Please rate these Python books
runyaga at thisbox.com
Thu Mar 22 04:59:54 CET 2001
how are you approaching python? what is your level of experience w/ python?
what kinda books do you like? reference, explanatory, or 'by example' ? My
favorite is Essential Reference, David Beazley did a incredible job.
1/Programming Python 2nd edition @ O'reilly
Very big, has quite a bit of information (4-5 chapters) on Tkinter (which I
dont use at all), socket programming (which I do use), internet applications
(HTMLgen, ZOPE, etc). The book is massive and has small type face, packed
full of information. Examples tend to be a bit longer than Core Python. If
you want tons of information and especially plan on using Tkinter, this is
definetly the best book out of the three. I feel this book is very good and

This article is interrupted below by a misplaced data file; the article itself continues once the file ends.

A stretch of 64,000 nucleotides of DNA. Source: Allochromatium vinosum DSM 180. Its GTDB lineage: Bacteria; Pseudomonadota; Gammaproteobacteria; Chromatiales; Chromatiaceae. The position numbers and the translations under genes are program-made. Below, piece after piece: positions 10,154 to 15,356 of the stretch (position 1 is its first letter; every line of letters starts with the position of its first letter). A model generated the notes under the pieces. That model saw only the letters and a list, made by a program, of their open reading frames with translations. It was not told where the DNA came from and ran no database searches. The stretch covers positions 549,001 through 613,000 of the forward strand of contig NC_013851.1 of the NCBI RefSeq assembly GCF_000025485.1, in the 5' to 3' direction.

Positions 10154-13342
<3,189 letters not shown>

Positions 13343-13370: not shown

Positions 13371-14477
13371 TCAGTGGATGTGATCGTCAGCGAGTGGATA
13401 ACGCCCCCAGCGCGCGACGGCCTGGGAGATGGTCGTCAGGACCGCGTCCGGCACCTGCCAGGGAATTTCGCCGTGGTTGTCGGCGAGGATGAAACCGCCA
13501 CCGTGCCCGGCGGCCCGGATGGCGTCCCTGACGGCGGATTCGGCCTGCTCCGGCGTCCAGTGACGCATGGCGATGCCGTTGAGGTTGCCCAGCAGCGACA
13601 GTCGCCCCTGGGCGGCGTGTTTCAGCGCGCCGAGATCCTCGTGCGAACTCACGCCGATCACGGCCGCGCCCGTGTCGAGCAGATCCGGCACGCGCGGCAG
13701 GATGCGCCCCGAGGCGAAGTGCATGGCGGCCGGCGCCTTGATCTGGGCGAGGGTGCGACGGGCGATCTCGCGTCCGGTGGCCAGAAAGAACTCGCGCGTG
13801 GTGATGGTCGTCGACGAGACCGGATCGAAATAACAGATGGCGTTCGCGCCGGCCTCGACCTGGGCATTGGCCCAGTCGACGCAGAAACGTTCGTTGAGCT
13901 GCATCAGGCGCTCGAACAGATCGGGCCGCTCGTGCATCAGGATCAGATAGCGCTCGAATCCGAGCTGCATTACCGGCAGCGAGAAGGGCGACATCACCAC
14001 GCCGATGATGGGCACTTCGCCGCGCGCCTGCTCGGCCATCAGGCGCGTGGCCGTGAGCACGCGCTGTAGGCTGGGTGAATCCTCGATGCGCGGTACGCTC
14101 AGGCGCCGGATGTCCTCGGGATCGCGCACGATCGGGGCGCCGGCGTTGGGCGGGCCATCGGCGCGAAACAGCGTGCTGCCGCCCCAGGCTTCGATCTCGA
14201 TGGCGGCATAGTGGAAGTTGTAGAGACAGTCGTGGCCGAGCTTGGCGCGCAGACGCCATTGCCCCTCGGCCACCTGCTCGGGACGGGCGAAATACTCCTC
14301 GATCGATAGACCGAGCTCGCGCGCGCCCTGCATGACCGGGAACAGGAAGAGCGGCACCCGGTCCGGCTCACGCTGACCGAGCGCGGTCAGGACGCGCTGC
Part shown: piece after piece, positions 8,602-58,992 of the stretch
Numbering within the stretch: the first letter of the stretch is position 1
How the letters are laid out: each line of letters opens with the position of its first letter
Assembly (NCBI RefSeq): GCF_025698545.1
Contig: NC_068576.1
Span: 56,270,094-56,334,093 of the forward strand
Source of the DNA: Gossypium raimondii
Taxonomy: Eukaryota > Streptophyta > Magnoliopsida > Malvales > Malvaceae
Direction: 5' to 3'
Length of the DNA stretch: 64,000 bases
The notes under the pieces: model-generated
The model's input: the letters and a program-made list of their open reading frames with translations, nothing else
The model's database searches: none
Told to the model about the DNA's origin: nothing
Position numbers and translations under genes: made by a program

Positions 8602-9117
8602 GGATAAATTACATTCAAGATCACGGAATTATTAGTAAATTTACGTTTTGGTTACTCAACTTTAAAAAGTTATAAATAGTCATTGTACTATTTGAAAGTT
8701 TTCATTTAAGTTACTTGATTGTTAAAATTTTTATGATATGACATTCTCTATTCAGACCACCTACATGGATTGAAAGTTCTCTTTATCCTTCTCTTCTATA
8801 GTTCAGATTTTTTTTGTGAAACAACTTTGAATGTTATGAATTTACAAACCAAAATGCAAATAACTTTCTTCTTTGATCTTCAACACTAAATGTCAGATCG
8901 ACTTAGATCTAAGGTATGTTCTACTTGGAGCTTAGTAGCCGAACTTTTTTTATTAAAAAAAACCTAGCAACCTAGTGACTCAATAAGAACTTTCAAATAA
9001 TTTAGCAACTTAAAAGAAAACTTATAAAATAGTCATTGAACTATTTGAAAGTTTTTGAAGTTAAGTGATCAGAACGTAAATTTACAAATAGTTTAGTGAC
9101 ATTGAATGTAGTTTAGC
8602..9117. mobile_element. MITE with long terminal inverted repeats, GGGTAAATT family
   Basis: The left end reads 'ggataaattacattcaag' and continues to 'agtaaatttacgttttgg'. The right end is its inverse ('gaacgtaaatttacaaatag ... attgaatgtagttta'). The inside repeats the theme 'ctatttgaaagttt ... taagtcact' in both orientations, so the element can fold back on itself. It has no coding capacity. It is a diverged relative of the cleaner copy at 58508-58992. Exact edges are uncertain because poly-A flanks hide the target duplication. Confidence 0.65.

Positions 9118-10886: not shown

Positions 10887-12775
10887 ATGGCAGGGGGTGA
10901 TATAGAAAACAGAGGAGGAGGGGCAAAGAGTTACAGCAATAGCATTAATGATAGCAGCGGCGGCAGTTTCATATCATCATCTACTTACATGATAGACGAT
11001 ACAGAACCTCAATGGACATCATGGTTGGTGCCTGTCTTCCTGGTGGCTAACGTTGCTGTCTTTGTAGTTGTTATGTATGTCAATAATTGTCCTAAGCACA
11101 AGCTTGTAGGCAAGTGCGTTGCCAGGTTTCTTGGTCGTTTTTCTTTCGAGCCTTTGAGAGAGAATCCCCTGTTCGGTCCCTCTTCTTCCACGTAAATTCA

tends to get a bit more detailed than Core Python, but I only use ~40% of
2/ Core Python Programming / Chun / Prentice Hall
I recommended a friend of mine this book, and I read quite a bit of it.
Very well laid out, nice type face, very good (brief) examples. I would
recommend this book. My friend read Core Python and Programming Ruby at the
same time -- comparing the two languages. At first he didnt like it, but
after he finished it he said it was a *very* good intro and has a very idea
of python now. *NOTE* he finished the book. I wouldnt imagine finishing
Programming Python. He also concluded Ruby didnt offer anything else that
Python didnt have (that he would use) and likes the elegance.
3/ Python Essential Reference / David Beazley / New Riders Publishing
My favorite python book, great reference book if you already know python, or
like Nutshell books. type face is very small ;( but its compact and full
of all sorts of goodies. not as many examples as a newbie would like. at
work, all the people who use python, snatch this from each others desk. if
you like books and already familiar w/ python -- this is a must.
More information about the Python-list